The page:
Archive for August, 2011
I recently had a discussion with someone about self-inflicted and non-self-inflicted reputational disasters. Most of the reputation crises I have worked on and written about were self-inflicted because the early warning signs were there in the first place and leadership had an opportunity to change course. Unfortunately, the early warning signs were ignored or deemed inconsequential. An article in strategy + business, the Booz & Company journal, discusses the concept of self-inflicted black swans (a surprise occurrence that causes a major impact) and provides excellent food for thought. Essentially, the author points out that there are ways to detect if the culture is ripe for these kinds of disasters and ways to protect against their occurrence. And it all gets down to the organizational culture or DNA. There are some very good suggestions such as clarifying who is really in charge of identifying risk exposure, aligning incentives so that people are rewarded for anticipating and disclosing risk and third, creating unfiltered pathways so that those at the top hear the “ground truth” and not just what they want to hear.
The bonus for me after reading the article was learning about some stats that the authors uncovered. Since I am always looking for good stats to illustrate the downside of reputational disasters, self-inflicted or not, I want to share here:
The unintended consequences associated with a self-inflicted black swan can be devastating. They include negative publicity; huge, sudden costs; lost revenues; lawsuits and criminal judgments; and regulatory penalties. Analysis of the stock prices of companies that suffered such events in 2009 and 2010 in the oil, automobile, aircraft manufacturing, and financial-services industries shows that within two months after a visible self-inflicted crisis, an average of 18 percent of shareholder value was lost, relative to the S&P 500. Moreover, stock price performance continued to diminish over time: On average, shareholder value came down 33 percent within a year.
A loss of shareholder value of 33 percent over a year’s time is catastrophic in my book. It is worth learning how to prevent these unexpected surprises from occurring and figuring out how to turn these black swans into white ones.
Short note for a busy Friday afternoon. This was in my alert inbox on reputation. I had to chuckle.
Indeed, Brandseye, an online reputation management service (“reputation” is the new catchword for companies once called marketers, PRs and media managers)….
I can attest that reputation is not a “new” catchword. It has been around for a long long time. It is just that the world has caught up with us reputation pioneers.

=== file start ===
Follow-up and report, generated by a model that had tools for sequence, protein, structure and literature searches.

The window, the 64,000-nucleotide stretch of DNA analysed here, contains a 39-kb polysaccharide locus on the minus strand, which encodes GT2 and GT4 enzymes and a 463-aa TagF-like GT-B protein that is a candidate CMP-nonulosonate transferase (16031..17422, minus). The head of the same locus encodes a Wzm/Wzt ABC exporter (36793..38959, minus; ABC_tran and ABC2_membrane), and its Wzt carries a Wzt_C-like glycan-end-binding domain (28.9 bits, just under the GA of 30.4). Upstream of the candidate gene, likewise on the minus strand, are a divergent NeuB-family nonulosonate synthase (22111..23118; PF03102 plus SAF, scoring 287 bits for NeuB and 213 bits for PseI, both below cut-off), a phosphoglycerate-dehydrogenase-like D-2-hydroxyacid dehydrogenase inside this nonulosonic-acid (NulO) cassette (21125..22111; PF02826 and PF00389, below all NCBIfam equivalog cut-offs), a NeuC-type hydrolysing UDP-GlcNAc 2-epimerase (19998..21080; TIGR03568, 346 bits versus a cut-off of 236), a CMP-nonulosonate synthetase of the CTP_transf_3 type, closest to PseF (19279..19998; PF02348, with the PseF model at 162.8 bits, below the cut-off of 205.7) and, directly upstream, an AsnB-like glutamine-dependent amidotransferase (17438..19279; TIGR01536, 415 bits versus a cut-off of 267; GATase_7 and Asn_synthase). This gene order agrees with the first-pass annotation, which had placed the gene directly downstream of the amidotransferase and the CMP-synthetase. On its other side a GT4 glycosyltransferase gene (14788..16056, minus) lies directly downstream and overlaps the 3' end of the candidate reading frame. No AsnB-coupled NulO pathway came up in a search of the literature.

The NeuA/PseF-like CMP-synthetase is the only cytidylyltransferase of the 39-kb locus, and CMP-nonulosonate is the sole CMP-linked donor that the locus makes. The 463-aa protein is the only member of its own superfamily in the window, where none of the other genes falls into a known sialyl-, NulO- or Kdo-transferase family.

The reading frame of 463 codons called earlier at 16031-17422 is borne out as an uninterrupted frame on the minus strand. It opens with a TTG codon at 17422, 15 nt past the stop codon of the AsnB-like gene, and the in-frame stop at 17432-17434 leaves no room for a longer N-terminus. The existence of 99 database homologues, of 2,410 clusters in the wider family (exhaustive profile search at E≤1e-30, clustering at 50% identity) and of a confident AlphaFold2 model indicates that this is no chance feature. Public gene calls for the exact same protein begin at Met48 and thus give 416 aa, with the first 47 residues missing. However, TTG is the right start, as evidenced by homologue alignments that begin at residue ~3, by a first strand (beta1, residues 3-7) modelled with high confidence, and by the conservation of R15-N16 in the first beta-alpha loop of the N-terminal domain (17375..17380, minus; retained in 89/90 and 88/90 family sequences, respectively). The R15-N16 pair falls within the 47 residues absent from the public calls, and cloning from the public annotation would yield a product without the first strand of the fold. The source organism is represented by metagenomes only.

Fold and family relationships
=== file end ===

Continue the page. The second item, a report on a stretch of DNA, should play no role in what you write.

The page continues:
I was quoted by Fortune‘s Geoff Colvin in the August 15th issue. He wrote about the Murdoch scandal and mentioned how “large ideas emerging from this story so far will influence companies of all types for years to come.” One of those large ideas is that we have officially arrived at the pivotal point where reputation has an edge over financial performance. As Geoff says, this is Reputation’s Moment. Companies may not have fully noticed but reputation is indeed “the new currency of corporate success.” Music to my ears.
In the article, Colvin makes a few points that could not be truer. I excerpt some below which includes my take on reputation as the new metric of corporate success.
“Previous major scandals were mostly financial; the numbers were lies. Not this time. The damage so far derives entirely from behavior—phone hacking and possible police bribery—that appears to be illegal but has nothing to do with reported financial results. Whether it’s illegal doesn’t matter anyway; it’s slimy, and that’s enough. News Corp. is deeply tarnished, and the financial effects could be significantly bad.
The company has lost about $5 billion of value in the few weeks since the scandal hit. Longer-term effects could be much worse. “The greatest reputational threat to News Corp., aside from criminal prosecution of Murdoch family members, lies within regulatory and policy circles,” says Rupert Younger, director of the Centre for Corporate Reputation at Oxford University’s Said Business School. News Corp.’s television businesses—TV networks, TV stations, and satellite broadcasting services worldwide—are together a major source of profit, and they’re all subject to government regulation. Government leaders have treated News Corp. gingerly for years, but now “politicians who have been afraid to tackle such an important company are starting to feel that it may be possible to do so,” says Younger. “This could literally destroy News Corp.,” in the sense that the company could be broken up.